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The American Institute of Aeronautics and Astronautics (AIAA)

is the world's largest technical society dedicated to the global aerospace profession.

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    The History of Flight from Around the World
    1910s


    1910


    • February 1910 - Glenn H. Curtiss develops a new hydro-aeroplane at North Island, San Diego, California.

    • March 8, 1910 - Madame La Baronne de Laroche becomes the first woman pilot to be licensed by the Aero Club of France.

    • May 21, 1910 - Wilbur Wright makes his last flight as a pilot in the United States. He flew at Simm's Station in Dayton, Ohio.

    • May 25, 1910 - Orville and Wilbur Wright make a short flight at Huffman Field, Dayton, Ohio. It is the only time the Wright Brothers are in the air together.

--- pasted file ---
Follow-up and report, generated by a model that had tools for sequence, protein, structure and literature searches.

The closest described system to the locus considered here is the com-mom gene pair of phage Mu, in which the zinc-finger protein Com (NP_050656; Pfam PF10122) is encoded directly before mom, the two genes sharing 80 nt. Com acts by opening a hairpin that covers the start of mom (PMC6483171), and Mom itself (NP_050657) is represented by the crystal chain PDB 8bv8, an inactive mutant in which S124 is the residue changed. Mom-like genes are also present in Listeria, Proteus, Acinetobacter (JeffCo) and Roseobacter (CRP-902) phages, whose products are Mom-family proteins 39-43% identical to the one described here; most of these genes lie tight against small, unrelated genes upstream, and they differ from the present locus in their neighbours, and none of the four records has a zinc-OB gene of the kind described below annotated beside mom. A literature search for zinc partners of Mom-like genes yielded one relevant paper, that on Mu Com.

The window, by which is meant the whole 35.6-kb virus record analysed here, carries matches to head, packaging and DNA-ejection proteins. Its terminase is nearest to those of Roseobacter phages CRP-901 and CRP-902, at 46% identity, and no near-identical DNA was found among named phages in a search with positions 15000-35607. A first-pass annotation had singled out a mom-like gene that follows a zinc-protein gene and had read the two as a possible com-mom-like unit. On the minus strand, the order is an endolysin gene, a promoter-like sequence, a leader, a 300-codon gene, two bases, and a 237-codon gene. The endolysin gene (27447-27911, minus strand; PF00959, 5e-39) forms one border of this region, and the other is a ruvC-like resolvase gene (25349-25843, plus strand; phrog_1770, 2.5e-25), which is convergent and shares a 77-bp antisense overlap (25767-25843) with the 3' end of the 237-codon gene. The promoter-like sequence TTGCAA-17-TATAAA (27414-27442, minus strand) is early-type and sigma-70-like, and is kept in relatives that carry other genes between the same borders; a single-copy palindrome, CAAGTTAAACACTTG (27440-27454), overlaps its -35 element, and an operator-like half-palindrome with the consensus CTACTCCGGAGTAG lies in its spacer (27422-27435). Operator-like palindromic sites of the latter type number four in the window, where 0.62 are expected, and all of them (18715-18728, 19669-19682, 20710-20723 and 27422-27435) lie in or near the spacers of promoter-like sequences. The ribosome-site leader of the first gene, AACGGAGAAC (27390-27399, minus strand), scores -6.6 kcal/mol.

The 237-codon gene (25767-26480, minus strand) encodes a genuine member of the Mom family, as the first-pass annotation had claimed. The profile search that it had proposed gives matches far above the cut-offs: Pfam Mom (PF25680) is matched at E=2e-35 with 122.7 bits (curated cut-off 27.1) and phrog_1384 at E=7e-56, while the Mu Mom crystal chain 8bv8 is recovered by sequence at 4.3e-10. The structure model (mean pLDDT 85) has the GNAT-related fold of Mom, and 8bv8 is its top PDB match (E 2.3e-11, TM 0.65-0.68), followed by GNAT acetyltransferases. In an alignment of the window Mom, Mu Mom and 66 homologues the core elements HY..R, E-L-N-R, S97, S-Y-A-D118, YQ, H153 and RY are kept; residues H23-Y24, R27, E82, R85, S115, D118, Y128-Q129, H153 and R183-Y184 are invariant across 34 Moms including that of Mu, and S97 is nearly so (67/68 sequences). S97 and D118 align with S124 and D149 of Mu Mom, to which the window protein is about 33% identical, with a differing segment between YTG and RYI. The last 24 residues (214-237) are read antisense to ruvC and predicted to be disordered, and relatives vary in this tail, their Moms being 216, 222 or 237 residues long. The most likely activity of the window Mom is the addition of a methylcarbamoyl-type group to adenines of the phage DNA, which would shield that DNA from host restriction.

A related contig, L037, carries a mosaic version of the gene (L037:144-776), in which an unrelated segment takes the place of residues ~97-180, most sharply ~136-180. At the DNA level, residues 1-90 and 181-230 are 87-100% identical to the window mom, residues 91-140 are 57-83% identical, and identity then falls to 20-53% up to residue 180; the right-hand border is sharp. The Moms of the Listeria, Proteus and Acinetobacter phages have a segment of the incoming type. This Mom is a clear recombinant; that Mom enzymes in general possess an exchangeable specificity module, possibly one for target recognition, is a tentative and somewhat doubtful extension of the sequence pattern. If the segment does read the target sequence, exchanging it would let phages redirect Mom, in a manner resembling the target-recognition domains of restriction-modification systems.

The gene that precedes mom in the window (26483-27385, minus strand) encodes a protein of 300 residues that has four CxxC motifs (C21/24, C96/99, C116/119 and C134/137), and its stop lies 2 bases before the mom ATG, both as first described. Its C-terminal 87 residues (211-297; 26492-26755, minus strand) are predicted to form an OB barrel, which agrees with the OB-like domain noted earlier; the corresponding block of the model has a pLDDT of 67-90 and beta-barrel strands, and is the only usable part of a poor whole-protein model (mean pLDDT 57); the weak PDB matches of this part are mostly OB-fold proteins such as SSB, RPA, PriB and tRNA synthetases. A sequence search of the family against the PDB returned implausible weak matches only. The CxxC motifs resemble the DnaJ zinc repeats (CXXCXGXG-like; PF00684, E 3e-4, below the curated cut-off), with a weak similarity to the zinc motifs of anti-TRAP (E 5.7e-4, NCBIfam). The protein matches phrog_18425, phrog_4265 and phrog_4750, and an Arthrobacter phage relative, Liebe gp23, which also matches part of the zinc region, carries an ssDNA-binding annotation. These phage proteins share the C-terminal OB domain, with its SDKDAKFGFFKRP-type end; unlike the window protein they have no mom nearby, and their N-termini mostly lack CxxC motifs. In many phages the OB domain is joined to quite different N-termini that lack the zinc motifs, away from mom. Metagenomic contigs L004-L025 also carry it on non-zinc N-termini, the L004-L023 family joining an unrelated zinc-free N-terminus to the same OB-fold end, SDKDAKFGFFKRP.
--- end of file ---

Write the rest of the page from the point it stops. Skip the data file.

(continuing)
• June 1910 - First night flight in America made by Charles W. Hamilton at Camp Dickinson, Knoxville, Tennessee.

    • August 1910 - McCurdy sends and receives the first wireless messages from an aeroplane in flight at Sheepshead Bay, New York .

    • August 8, 1910 - Tricycle landing gear are fitted to the Army's Wright biplane to replace skids.

    • September 2, 1910 - Blanche Stuart Scott becomes the first (unofficial) American woman to solo .

    • September 16, 1910 - Bessica Faith Raiche becomes the first (official) American woman to solo.

    • November 14, 1910 - Eugene Ely makes the first successful carrier takeoff from the the USS Birmingham, in Norfolk, Virginia.

    • November 23, 1910 - Octave Chanute dies in his home in Chicago, Illinois at the age of 78 years.



    1911